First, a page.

China has ordered officials not to hold lavish funerals, asking them to set an example by holding frugal last rite ceremonies and doing away with superstitious practices.
The new order comes close on the heels of the government banning exotic and expensive dishes like shark fin soup and birds nest in official banquets.
“Party members and officials should set an example with simple, civilized funerals... No funeral parlours should be set up in resident communities, streets and public venues... Superstitious practices should be avoided,” said a document made public Thursday.
In China, large, lavish and well attended funerals are often seen as a sign of the family’s wealth and connections.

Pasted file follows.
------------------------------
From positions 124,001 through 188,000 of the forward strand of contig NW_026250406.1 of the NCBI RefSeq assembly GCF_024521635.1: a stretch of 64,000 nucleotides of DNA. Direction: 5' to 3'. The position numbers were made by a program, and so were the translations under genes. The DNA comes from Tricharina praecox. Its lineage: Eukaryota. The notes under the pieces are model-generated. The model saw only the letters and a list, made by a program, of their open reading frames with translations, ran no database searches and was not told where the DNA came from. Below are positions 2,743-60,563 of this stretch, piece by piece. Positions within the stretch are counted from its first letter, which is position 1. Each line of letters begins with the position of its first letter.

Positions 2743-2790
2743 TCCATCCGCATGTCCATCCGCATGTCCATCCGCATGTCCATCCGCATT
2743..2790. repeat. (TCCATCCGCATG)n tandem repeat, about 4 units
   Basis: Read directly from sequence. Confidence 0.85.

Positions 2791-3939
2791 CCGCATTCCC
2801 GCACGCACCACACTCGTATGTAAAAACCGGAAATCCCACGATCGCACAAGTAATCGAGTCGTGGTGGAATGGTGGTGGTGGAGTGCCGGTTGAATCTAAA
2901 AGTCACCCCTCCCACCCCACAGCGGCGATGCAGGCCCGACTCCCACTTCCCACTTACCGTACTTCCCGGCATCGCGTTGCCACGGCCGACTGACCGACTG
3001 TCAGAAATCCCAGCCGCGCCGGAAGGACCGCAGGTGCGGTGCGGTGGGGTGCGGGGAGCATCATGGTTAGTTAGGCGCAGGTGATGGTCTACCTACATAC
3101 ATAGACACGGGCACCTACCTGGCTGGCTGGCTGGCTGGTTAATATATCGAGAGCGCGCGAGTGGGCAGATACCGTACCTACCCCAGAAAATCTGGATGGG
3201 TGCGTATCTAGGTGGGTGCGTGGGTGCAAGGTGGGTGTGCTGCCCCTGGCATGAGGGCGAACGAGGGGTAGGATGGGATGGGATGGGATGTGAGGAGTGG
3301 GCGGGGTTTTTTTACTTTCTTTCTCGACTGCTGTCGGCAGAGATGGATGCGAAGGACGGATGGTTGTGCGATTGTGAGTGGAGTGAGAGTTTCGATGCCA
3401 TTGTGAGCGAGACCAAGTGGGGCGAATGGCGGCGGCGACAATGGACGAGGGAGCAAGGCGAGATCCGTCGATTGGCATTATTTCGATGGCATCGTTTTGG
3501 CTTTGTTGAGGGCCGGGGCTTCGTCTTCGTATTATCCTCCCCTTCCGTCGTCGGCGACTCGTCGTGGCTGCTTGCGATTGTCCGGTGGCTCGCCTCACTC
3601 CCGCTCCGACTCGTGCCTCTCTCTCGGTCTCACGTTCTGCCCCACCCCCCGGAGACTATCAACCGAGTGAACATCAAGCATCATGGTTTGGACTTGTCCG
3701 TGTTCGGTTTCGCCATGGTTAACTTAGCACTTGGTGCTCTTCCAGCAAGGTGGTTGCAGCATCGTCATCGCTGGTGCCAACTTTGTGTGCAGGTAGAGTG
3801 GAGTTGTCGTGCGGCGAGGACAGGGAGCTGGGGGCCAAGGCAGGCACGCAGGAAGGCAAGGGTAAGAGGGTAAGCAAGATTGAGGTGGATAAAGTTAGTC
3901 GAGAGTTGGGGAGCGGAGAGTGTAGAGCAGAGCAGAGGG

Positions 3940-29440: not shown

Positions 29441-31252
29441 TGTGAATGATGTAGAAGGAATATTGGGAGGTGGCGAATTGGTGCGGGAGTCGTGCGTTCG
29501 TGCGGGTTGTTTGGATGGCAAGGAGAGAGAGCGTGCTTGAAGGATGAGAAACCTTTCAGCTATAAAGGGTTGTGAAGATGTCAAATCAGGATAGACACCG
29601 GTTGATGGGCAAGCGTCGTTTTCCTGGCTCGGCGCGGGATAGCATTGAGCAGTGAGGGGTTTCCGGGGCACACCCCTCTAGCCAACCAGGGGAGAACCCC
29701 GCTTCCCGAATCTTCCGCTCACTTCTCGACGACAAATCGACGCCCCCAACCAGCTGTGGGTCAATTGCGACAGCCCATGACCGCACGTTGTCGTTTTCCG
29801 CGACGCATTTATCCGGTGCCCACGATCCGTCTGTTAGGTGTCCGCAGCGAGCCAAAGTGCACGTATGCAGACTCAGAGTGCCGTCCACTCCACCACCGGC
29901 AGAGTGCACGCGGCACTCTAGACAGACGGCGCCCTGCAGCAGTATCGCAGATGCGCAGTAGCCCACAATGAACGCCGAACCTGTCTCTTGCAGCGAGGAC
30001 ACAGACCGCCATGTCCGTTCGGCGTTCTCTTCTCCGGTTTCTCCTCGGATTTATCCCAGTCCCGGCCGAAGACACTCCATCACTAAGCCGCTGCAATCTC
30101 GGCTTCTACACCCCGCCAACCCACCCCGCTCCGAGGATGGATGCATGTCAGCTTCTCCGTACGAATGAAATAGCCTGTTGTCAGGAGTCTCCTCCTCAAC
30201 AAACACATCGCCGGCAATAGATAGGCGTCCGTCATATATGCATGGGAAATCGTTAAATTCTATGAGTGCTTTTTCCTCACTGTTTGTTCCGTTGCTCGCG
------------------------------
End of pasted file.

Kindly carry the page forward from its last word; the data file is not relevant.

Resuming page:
Funeral parlours are often set up in public spaces and larger the number of mourners, the better connections the family has it is assumed.
The government’s move is being seen as a step to limit the staging of showy funerals.
“Funerals are increasingly a platform to show off wealth and connections, with the degree of opulence and number of mourners symbolising the “achievements” of the dead, and setting a benchmark for competition among the living,” state media reported on the new order.
“Except in the case of stipulations from the state, special funeral arrangement groups and mourning memorials in general, should not be held for deceased Communist Party of China (CPC) members and officials,” the document as quoted by the state media said. The document was jointly released by the general offices of the state council, China’s cabinet, and CPC central committee.
The new rules aim to “regulate the use of public funding on receptions”. Tackling corruption has been one of President Xi Jinping’s top priorities, state media consistently reports.